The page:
1. Listen to the word of the Lord, O sons of Israel, For the Lord has a case against the inhabitants of the land,
Because there is no faithfulness or kindness
Or knowledge of God in the land.
2. There is swearing, deception, murder, stealing and adultery.
They employ violence, so that bloodshed follows bloodshed.
3. Therefore the land mourns,
And everyone who lives in it languishes
Along with the beasts of the field and the birds of the sky,
And also the fish of the sea disappear.
6. My people are destroyed for lack of knowledge.
Because you have rejected knowledge,
I also will reject you from being My priest.
Since you have forgotten the law of your God,
I also will forget your children.
Now read verse 1 aloud again. As you do, look for the answers to the following questions and record them by simply stating what the text tells you. This step is called observation. You don’t need to use your imagination or make any additions or suppositions. Just state the facts of the text. In other words, see what the text says and record your observations.
• Who is speaking?
• To whom?
• Why? What is the reason these words are being spoken?
Great start. Now, read Hosea 4:1-3 again. This time, mark the word knowledge. If you have colored pencils as we suggested in the “Before You Begin” section, color knowledge green. If you don’t have colored pencils, simply put a rectangle around the word until you get your colored pencils. You are marking a key word. A key word is an important word that helps you unlock the meaning of the text you are studying.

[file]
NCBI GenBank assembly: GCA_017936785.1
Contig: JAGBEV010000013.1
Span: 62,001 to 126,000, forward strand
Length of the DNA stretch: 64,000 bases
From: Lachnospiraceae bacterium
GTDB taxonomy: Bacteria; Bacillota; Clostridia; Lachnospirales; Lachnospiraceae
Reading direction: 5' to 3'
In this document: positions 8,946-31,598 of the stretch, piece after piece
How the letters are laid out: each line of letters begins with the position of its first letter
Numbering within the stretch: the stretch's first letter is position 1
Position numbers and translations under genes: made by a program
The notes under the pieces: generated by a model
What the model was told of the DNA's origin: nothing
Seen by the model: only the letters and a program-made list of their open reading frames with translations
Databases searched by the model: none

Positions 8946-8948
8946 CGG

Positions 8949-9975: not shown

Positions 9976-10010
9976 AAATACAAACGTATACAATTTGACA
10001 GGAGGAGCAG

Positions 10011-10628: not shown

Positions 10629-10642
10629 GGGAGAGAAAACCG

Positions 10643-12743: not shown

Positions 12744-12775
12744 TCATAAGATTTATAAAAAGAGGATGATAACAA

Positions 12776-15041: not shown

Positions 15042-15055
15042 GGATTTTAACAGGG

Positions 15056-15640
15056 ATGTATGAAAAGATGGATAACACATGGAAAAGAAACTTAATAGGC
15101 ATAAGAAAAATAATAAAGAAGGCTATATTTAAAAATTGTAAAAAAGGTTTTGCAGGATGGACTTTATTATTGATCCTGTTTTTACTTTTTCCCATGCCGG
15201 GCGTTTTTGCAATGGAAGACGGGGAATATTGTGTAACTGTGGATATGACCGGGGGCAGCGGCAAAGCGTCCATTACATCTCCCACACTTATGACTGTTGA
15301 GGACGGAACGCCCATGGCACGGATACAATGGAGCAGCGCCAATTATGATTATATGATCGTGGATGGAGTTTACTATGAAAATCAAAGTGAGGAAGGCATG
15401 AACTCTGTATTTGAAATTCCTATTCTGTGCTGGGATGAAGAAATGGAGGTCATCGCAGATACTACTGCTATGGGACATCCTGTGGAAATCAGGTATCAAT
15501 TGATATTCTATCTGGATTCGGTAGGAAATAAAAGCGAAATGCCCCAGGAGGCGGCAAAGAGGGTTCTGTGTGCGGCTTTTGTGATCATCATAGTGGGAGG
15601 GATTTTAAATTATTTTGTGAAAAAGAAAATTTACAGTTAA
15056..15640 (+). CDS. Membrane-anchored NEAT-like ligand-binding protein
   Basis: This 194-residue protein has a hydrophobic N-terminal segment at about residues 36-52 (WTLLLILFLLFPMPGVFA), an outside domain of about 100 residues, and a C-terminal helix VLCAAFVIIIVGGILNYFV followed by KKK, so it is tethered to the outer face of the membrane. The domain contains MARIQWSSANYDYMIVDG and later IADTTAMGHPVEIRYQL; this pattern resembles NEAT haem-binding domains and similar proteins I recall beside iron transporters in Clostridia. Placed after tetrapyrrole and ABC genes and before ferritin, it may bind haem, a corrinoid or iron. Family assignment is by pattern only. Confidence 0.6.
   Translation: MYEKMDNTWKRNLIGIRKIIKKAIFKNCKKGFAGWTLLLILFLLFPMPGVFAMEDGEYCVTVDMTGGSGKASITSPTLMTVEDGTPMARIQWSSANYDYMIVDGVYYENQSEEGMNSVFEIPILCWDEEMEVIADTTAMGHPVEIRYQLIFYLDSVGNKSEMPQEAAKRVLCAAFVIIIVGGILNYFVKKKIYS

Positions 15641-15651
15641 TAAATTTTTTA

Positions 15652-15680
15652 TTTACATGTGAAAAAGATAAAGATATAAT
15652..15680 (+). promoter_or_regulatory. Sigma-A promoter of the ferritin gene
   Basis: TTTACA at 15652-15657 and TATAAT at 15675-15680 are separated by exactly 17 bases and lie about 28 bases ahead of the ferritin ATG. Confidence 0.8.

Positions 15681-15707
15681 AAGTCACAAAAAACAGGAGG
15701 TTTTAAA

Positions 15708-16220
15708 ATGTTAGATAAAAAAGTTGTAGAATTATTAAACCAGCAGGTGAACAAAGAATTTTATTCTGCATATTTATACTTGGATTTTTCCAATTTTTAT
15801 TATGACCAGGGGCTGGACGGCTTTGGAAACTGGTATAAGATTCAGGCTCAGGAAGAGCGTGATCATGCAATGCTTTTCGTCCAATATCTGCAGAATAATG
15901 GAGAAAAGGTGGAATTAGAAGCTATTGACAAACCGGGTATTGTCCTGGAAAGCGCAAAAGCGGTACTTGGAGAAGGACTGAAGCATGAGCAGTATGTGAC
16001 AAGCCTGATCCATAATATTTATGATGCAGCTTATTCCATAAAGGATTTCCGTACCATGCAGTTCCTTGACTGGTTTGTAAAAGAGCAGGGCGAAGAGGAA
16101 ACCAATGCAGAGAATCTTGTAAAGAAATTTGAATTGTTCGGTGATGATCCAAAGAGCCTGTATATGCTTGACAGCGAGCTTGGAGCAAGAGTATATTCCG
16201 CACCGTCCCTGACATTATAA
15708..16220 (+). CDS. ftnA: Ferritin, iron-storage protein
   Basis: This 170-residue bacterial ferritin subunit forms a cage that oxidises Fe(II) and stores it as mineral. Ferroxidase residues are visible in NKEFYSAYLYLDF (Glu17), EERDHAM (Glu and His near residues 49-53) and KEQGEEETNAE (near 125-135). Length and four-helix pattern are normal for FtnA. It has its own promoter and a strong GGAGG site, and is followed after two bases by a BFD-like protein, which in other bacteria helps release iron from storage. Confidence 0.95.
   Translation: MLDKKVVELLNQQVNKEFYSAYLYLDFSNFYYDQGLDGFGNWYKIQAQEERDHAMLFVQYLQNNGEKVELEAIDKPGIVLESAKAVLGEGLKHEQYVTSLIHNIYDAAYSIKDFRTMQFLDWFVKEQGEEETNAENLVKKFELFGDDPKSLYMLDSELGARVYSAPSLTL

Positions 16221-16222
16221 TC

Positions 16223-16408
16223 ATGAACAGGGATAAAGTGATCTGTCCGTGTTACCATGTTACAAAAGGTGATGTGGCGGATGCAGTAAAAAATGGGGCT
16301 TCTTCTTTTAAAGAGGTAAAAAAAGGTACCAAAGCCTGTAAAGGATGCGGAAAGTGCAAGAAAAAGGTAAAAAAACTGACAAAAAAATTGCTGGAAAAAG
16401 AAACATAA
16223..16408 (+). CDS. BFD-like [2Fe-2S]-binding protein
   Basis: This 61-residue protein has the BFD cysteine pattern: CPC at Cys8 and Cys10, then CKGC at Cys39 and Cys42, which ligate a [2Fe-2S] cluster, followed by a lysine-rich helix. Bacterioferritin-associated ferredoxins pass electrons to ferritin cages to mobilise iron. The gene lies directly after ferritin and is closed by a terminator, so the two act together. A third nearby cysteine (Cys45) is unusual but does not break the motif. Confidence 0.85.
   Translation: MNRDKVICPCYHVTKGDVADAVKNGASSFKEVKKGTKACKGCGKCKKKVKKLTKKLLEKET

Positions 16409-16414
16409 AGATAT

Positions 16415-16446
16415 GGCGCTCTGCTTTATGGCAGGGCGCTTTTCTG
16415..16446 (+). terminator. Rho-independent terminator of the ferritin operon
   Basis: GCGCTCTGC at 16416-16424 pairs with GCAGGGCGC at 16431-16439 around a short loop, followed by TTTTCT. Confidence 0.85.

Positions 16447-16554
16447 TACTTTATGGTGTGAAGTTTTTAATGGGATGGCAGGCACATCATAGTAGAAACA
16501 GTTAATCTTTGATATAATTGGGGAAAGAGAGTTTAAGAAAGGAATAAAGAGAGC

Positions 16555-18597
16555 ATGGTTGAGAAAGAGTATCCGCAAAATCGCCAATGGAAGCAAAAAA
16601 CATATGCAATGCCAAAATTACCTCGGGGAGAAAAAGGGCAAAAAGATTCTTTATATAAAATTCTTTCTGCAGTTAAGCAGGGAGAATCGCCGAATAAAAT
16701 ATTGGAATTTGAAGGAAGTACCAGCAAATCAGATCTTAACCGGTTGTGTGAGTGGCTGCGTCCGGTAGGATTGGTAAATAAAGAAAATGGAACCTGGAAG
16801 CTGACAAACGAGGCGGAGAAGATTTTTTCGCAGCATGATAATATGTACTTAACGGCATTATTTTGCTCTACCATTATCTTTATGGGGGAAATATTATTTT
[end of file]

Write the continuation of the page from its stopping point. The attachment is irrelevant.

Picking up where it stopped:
For the next 28 days you are going to color code important words—key words God uses to make His point. We use the color-coding process (rather than just symbols) because colors are easier to see, and too many markings can keep you from spotting key words easily.
Double underline in green the phrase the land. According to the book of Genesis, the land is the land God gave to Abraham, Isaac (one of Abraham’s sons), Jacob (one of Isaac’s two sons), and Jacob’s descendants as an everlasting possession. (God changed Jacob’s name to Israel, so Jacob’s descendants are the 12 tribes of Israel.)
You’ve marked a few words in the text. It’s colorful. But what’s the point? Look at verse 2. Write down what you learn about knowledge from the setting or context of verses 1-3. Don’t read any further until you do this assignment. If you truly want to learn how to study your Bible, you have to do your part. This is interactive—so now is the time to get active!
Now then, since I’m not sitting right there with you (although I would count it a privilege to do so), let me ask you some of the 5 W’s and an H (who, what, when, where, why, and how) about knowledge. See how many of them you have already answered strictly from your observations of Hosea 4:1-3.
• What’s God’s concern about Israel’s knowledge?
• Knowledge of what or whom?
• Who is saying this and to whom? (I know you have answered this once. It’s a short answer—do it again so you get the impact.)